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Musings in Missoula

April 4, 2014

“I’m in love with Montana. For other states I have admiration, respect, recognition, even some affection. But with Montana it is love. And it’s difficult to analyze love when you’re in it.”
– John Steinbeck, Travels with Charley

Last weekend, I decided to take an impromptu trip to Missoula to visit the Zooks. I came out here to clear my head before I start my new job. Today’s Friday, and I leave tomorrow – my head is more clear than it’s been in awhile.

1) In another life, I would live in Missoula.

  • It’s where Portland, OR and Laramie, WY meet – the best of both worlds. It has a similar culture and weirdness of Portland, but small enough to maintain the community, college-town feel of Laramie. People don’t seem to be in a rush here. It’s got the open sky, the mountains, the plains, trees, bars, coffee shops, and all kinds of local businesses.
  • There are cowboys and hunters here that influence the culture just as much as the hipsters and coffee-buffs.
  • There are surfers here, not just the couch variety. ‘Nough said.

2) We all need more friends like Brandon and Bailey.

  • Any time I spend around the Zooks, I come away feeling uplifted and inspired.
  • You can be your true self around the Zooks. They’ll make fun of you for it, but let’s face it we all need to be made fun of.
  • The things I like to pretend I am, and sing about – they are. They’re truly humble. They go about their life, quietly staying true to their convictions. They’re always serving others and the world both near and far. You go on a hike with them, and they’ll come back with hands full of loose trash. They’ll go out of their way to improve your life, have an open conversation, or at the very least lend a smile and expect absolutely nothing in return.

3) Beer is good.

  • There are a lot of breweries here, and therefore good beer. And I like the taste of good beer.

4) It’s time to listen.

  • I haven’t been listening as of late, which is a big reason why I needed to come here and clear my head. I knew I could be still and listen here. Yesterday, I spent the afternoon outside in the sun looking at the river, the clouds, and reading. My attentions span three weeks ago wouldn’t have allowed for that – at least not with the same level of enjoyment.
  • Part of my dissonance as of late has been based in worry – worry in what I was saying, that I was saying too much, or wasn’t saying enough, or that what I was saying was bullshit. I forgot to listen to my surroundings. That’s when I am happiest and most at peace with myself – when I feel the freedom to say nothing and be. What I’ve realized about myself is that if I’m talking just to talk, I’m not in a healthy place. I’ve been doing that quite a bit lately.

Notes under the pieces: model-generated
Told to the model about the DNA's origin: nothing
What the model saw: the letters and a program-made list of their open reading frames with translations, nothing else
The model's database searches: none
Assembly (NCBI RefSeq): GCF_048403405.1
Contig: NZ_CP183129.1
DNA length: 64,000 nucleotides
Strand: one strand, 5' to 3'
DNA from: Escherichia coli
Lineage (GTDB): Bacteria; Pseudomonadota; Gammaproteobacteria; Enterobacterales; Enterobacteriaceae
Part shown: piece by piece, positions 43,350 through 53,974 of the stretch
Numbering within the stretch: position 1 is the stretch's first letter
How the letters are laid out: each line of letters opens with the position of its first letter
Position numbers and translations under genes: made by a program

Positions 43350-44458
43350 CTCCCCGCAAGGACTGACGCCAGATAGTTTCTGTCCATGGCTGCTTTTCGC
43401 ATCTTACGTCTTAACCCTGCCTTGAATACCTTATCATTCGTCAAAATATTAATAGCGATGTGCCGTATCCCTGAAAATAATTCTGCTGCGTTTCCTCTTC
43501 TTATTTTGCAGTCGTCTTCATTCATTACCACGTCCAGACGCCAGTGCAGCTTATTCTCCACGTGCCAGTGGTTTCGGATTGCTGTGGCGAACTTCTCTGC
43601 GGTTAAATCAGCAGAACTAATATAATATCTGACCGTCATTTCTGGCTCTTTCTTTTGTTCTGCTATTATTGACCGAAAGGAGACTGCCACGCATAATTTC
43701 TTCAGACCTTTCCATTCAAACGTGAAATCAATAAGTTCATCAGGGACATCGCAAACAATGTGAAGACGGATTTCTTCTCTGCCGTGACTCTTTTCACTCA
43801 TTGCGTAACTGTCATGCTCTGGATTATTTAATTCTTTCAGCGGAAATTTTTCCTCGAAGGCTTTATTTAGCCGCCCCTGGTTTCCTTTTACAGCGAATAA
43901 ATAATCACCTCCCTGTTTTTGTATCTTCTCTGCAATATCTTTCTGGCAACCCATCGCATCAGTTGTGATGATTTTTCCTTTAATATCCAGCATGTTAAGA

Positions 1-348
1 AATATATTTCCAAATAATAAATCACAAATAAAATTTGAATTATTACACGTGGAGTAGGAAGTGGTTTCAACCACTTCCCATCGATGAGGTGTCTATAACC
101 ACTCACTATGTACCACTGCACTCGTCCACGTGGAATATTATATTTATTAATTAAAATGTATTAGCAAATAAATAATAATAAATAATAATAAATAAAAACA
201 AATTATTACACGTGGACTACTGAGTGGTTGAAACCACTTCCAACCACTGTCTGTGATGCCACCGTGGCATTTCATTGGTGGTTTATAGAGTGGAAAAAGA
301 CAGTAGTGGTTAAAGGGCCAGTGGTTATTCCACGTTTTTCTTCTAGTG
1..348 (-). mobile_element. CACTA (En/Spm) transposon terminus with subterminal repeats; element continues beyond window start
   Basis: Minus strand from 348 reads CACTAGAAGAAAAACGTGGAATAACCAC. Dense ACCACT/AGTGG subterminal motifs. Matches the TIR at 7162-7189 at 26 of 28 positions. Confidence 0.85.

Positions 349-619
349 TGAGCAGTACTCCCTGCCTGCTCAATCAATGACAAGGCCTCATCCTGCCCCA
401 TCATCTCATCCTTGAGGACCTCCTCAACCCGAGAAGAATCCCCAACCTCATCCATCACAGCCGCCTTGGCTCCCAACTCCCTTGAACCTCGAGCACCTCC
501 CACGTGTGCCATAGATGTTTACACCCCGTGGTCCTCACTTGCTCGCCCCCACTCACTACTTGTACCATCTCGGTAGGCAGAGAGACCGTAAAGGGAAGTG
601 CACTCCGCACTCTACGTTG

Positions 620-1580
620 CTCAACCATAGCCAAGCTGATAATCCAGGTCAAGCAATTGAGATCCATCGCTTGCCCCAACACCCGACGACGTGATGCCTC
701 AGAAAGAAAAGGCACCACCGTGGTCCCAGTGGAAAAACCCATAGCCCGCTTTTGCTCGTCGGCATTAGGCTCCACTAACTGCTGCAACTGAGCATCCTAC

5) Sure, I’m an asshole, but that’s beside the point.

  • I often find myself focusing too much on my faults, or on what I’m not, rather than embracing my gifts – my true self. I’m completely missing the point when my focus lies on my sins. It’s not healthy to be so hard on yourself. You have to accept grace in order to give grace.
  • I often feel like I have to swim upstream in order to follow my convictions, and so then I let myself grow weary. I find myself floating along the current. Maybe the ride is more enjoyable floating along the lazy river, but then I realize the destination is filled with emptiness.
    A life of ease is not the goal – that is a very boring goal.
    Salmon literally swim themselves to death in order to lay their eggs and keep their species going.
    Are you willing to swim yourself to death to maintain shalom? The only way to do it sanely is find a way to do so joyfully – and that’s different for everyone. Trust yourself and let go – swim with all your might.
  • I, I, I, I often feel very self-indulgent doing what I love. But, that’s mostly just a lie I tell myself. It’s just an excuse to hold myself back. You have to be a little self-indulgent to do what I want to do, and you have to be somewhat delusional.
    Does a great rock climber spend her time complaining about the the selfishness of her climb? No. She simply enjoys the challenge of the climb, knowing that they joy she receives carries the necessary weight. Just focus on lifting your own link of the chain, and have faith that it’s enough.
  • Rob Bell wrote, “In the New Testament, we are not identified first and foremost as sinners, but as saints. Saints who sin. This is important: Your primary identity, your true self, is found in who you are in Christ, not in the ways you have disrupted shalom.”

    A Missoulian Shalom.

    A Missoulian Shalom.

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